During this time, when virtual events have taken center stage, event professionals are starting to assess the impact of this change on their business and marketing opportunities. From the feedback I've received so far, virtual events have attracted larger audiences, but these audiences have been reluctant to engage with the content and each other. Also, while some virtual events require a lower investment than physical events, their impact on the pipeline, and ROI, appears limited – at least in the short term.
Nth Degree Trade Show and Event Marketing Blog
While the world is waiting to see what a post-COVID-19 landscape looks like, event planners are preparing for its impact. We’re creating new budgets for equipment and technology to allow for contactless encounters, rethinking food and beverage, and considering moving conferences to warm climates to take advantage of outdoor space.
A well-executed education program is the thread that unifies attendees at any conference. Nth Degree has a department dedicated to speaker and education management and we’re working hard to ensure success for both our clients and their audiences in the current climate. Let’s take a look at some of the ways we prepare speakers for a virtual event, and how it’s different from a face-to-face environment.
The shift from in-person learning to digital requires a different strategy and approach. Let’s take a look at some of the ways we’re approaching learning in a virtual setting and the tactics we’re brainstorming to keep the audience engaged.
Covid-19 has fundamentally changed how we conduct business, especially the business of events. Much of the industry made the shift to virtual almost immediately and that shift is expected to persist through the fall. Although the decisions to go online were swift, they weren’t easy for many companies. How will potential attendees react? What impact will this decision have on a brand? What skill sets do we need to deliver an engaging digital experience? Scary stuff. However, we have realized that, despite the challenges, Covid-19 has presented us with an amazing opportunity to build larger audiences for our programs than ever before.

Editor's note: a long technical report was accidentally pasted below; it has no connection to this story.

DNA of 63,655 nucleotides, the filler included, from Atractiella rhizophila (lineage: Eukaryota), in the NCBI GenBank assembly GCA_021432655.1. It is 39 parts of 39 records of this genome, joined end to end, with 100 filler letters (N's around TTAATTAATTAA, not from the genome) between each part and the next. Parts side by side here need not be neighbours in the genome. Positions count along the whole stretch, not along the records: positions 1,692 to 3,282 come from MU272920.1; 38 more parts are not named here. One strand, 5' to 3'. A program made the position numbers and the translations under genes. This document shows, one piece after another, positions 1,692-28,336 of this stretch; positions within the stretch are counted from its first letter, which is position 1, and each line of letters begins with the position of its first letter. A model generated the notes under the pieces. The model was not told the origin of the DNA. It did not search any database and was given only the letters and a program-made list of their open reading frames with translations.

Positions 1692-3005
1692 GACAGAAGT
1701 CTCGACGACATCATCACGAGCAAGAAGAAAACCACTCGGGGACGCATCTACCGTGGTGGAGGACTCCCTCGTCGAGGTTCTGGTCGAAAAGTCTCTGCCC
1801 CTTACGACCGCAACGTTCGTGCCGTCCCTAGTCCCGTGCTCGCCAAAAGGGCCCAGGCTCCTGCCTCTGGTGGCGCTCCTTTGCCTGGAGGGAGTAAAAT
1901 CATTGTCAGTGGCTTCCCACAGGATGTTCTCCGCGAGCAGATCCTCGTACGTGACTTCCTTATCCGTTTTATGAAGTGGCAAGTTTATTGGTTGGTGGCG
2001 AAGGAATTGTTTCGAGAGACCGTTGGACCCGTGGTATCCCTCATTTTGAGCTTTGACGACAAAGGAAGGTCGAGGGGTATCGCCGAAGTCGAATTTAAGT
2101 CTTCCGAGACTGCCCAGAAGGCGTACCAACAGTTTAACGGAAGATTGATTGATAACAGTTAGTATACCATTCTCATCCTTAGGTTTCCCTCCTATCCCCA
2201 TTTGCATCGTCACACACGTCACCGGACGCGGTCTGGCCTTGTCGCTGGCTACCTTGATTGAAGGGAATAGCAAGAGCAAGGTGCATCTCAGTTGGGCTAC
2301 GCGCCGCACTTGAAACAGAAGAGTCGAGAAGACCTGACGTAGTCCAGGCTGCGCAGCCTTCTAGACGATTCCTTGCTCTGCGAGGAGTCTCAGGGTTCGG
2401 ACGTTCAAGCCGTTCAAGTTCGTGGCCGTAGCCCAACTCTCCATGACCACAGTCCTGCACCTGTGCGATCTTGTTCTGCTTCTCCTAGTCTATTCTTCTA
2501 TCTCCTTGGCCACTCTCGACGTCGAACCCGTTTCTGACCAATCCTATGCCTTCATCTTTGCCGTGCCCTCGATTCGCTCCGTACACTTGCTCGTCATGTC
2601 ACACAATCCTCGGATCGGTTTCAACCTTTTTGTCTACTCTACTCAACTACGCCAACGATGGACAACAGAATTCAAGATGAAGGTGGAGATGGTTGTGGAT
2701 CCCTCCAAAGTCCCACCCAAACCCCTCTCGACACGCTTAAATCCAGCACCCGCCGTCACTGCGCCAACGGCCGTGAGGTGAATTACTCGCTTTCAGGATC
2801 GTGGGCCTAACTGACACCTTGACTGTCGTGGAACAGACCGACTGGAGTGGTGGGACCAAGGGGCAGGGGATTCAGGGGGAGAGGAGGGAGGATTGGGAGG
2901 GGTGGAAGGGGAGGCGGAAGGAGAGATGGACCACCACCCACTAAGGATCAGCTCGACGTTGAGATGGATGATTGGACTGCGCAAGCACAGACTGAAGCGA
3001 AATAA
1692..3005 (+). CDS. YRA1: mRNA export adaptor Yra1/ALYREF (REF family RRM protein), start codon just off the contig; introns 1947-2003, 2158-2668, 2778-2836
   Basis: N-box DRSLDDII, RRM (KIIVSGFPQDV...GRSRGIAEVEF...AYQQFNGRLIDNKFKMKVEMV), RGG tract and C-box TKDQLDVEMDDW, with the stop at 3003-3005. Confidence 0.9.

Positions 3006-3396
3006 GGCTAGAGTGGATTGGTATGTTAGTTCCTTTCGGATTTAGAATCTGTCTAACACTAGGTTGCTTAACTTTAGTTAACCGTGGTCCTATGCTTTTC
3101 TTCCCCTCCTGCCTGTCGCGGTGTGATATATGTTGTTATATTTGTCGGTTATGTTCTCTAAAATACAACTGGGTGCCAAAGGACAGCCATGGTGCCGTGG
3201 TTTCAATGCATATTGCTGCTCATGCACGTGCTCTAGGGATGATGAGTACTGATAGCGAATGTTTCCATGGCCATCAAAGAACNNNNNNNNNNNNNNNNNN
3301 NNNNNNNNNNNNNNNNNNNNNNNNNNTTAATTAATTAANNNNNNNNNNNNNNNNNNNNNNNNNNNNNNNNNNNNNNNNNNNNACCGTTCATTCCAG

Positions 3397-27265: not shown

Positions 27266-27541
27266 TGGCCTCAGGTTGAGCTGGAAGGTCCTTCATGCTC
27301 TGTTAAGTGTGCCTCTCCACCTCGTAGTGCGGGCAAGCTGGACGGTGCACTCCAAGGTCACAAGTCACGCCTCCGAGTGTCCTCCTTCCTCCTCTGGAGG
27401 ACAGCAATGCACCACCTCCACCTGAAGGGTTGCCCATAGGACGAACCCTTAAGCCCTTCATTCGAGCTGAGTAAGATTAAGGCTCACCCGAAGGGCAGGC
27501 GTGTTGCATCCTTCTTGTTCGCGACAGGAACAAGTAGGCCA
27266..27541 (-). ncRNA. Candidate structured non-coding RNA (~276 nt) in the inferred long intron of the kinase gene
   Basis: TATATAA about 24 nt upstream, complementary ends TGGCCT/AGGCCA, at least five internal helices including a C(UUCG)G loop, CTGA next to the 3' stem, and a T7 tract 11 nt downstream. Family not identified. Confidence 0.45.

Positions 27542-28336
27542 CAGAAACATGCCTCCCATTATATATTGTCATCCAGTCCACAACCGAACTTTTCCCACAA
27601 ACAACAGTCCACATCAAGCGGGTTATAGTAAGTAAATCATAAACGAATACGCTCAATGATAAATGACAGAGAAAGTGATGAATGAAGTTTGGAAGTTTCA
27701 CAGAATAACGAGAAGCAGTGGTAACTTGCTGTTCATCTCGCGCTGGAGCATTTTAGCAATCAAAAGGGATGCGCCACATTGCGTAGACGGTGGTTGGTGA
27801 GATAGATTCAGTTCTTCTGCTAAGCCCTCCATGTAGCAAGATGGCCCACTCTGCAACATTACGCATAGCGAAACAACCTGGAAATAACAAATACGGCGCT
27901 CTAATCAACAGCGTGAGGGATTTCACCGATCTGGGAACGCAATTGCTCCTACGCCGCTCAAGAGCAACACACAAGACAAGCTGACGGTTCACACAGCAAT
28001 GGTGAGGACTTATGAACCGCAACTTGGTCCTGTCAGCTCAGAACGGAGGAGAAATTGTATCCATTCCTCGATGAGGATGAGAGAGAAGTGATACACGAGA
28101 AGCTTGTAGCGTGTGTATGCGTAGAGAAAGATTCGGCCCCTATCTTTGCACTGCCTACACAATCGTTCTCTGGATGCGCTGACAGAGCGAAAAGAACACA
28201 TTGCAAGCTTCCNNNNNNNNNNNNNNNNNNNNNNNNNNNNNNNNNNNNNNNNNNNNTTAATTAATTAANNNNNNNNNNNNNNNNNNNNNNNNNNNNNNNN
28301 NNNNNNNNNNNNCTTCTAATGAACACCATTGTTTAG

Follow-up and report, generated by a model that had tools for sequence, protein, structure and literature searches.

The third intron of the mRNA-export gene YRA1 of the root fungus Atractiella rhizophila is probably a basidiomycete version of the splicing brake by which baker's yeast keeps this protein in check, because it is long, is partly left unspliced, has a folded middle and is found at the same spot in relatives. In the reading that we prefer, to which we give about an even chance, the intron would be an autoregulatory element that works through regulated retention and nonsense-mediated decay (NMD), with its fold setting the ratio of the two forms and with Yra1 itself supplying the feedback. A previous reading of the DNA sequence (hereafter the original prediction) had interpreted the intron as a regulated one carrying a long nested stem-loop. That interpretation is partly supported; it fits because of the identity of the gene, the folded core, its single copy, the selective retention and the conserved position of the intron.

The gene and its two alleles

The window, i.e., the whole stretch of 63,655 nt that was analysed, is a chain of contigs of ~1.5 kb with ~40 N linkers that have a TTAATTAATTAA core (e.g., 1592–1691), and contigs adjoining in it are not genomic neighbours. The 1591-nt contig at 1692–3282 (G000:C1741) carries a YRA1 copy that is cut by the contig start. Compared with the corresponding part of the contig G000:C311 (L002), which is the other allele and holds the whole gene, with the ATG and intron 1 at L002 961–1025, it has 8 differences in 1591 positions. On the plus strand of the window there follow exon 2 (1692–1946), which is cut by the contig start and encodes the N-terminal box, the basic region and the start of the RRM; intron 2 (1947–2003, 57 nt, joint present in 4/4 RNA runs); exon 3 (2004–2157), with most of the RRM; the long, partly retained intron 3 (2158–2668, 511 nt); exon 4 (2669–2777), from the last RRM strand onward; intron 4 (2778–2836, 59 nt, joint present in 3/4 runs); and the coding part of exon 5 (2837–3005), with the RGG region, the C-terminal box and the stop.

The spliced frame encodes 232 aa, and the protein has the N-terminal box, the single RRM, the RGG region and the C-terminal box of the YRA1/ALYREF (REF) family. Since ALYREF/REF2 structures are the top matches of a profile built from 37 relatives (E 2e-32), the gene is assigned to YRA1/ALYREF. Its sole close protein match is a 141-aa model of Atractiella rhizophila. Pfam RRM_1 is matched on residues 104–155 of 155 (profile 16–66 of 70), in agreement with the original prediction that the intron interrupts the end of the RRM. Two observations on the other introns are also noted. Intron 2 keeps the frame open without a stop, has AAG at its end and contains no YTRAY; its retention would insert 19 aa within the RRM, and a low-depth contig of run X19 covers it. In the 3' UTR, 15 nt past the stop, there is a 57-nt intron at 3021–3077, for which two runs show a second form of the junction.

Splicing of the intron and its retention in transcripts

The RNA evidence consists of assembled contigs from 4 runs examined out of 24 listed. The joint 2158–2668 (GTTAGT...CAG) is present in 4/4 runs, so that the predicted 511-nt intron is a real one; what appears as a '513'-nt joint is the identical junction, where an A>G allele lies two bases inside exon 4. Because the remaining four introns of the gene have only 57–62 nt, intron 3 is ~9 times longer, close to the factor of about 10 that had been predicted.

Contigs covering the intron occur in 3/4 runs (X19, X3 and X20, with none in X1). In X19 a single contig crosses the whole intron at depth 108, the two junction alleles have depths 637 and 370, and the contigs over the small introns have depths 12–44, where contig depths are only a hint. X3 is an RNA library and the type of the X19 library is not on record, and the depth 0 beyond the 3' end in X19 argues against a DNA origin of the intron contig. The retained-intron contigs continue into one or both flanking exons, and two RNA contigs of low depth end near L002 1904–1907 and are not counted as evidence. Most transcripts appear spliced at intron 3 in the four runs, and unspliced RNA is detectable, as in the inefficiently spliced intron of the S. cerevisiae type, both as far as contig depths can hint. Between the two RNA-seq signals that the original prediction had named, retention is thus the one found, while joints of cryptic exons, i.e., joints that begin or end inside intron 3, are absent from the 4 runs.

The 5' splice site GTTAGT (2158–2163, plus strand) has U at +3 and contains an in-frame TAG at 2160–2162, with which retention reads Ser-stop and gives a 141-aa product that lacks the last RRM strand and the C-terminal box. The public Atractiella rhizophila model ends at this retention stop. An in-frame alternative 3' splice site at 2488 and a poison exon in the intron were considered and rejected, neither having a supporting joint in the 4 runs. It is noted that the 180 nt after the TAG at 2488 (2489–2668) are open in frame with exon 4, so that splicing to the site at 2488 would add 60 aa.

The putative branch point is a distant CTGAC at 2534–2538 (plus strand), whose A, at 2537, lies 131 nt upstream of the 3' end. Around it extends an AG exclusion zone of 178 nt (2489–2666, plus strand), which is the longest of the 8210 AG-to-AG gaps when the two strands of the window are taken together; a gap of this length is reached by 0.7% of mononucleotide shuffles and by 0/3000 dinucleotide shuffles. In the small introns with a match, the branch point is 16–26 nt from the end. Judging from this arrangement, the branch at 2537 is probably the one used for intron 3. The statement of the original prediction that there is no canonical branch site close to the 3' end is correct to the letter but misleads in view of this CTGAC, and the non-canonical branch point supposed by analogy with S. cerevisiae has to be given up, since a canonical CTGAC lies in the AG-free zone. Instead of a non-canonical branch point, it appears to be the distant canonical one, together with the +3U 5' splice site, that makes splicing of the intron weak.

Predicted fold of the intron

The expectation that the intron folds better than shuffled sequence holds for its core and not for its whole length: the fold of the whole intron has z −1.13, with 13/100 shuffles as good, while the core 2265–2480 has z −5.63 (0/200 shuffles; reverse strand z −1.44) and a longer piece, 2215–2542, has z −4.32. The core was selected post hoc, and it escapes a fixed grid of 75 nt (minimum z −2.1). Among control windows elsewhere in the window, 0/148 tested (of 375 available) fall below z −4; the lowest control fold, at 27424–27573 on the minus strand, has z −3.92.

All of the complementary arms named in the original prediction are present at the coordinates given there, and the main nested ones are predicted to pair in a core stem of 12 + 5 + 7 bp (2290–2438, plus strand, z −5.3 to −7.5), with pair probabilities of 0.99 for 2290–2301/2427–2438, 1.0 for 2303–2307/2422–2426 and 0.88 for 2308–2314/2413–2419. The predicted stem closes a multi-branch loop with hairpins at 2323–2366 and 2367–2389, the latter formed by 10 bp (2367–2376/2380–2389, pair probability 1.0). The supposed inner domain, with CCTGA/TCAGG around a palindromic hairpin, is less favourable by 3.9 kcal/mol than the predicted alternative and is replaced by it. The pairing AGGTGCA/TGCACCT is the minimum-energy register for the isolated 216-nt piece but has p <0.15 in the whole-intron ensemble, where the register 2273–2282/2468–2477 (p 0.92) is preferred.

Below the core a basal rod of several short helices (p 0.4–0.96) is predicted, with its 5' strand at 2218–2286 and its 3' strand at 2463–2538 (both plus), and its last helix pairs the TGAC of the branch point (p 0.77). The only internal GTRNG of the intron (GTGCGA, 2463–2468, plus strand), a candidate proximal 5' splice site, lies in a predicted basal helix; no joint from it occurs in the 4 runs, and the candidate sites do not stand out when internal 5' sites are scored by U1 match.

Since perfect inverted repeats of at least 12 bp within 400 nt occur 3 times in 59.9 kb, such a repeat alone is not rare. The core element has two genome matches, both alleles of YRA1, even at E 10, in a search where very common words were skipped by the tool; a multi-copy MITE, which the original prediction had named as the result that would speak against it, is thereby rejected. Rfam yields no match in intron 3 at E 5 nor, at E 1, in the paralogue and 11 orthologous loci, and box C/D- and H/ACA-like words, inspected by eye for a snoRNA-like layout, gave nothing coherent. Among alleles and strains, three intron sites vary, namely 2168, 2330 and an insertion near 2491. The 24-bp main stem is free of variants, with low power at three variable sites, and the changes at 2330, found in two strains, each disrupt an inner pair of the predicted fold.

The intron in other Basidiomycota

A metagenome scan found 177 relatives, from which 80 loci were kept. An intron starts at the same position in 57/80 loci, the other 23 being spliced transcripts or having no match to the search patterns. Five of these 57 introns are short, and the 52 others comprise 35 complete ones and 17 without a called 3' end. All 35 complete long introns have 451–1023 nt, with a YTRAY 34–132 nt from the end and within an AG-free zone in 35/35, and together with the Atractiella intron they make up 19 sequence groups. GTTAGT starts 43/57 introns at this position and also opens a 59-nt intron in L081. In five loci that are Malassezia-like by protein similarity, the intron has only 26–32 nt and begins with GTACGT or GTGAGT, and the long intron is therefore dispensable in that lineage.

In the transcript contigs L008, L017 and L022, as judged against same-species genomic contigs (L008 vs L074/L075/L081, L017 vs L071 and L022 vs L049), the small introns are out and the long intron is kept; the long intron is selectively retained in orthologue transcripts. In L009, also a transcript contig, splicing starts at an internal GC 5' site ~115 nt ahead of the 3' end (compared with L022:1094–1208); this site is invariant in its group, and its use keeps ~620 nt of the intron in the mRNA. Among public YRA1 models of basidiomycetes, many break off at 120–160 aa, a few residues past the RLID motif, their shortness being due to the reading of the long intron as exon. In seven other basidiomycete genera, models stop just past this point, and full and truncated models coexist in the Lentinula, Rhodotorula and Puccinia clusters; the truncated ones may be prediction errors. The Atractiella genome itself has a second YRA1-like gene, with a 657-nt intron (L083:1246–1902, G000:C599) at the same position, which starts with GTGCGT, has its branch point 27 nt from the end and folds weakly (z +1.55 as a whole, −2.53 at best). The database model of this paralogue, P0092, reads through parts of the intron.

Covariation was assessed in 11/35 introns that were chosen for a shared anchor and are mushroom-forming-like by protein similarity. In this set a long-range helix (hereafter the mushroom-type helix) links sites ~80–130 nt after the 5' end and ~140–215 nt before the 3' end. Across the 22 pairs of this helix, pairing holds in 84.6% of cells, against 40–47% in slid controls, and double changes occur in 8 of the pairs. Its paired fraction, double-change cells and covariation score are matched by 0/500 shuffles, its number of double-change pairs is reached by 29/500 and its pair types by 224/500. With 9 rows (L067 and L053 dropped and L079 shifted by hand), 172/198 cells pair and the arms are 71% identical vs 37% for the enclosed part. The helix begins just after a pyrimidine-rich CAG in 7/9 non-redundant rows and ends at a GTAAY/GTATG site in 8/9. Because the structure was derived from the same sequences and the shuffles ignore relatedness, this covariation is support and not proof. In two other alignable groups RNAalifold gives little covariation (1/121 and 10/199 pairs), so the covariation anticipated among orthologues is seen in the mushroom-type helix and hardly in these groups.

In the post-pandemic world, people will emerge from their homes and venture back out into society. They’ll visit friends, favorite stores, and re-opened restaurants, but will they step foot on an airplane? Will they buy concert tickets? Attend a conference? There’s no doubt our world will look different in the months or years to come. We may even get that extra elbow room on airplanes that we’ve longed for as modified social distancing becomes commonplace.
A pandemic hit. Cities closed. Large gatherings were no longer allowed and every event across the nation was forced to cancel, postpone, or go online. As a result, event planners have had to take a step back and reevaluate what events will look like in the coming months and years. What is the right approach, or what steps can we take, to get events back on the calendar? How do we safeguard aspects of the event that were already in motion during the pre-pandemic planning period? Is this an opportunity to test new waters?
In a matter of weeks, our society has had to pivot from physical to virtual; we’ve been unexpectedly thrust into a world of new technology. Our meetings, classes, family dinners, concerts, and game nights with our friends are now all virtual. We are living our lives at home, in front of a webcam with our families and roommates in close proximity.
COVID-19 caught the world by surprise, forcing countries to close down industry, severely limit travel, and make a host of changes they never could have foreseen. These choices will be studied, second-guessed, and scrutinized for many years. We may never see a clear picture on which decisions were incontestably correct and which were undeniably wrong. But there is one reaction, specifically in the B2B events world, that I think needs to be reviewed now, before it is too late.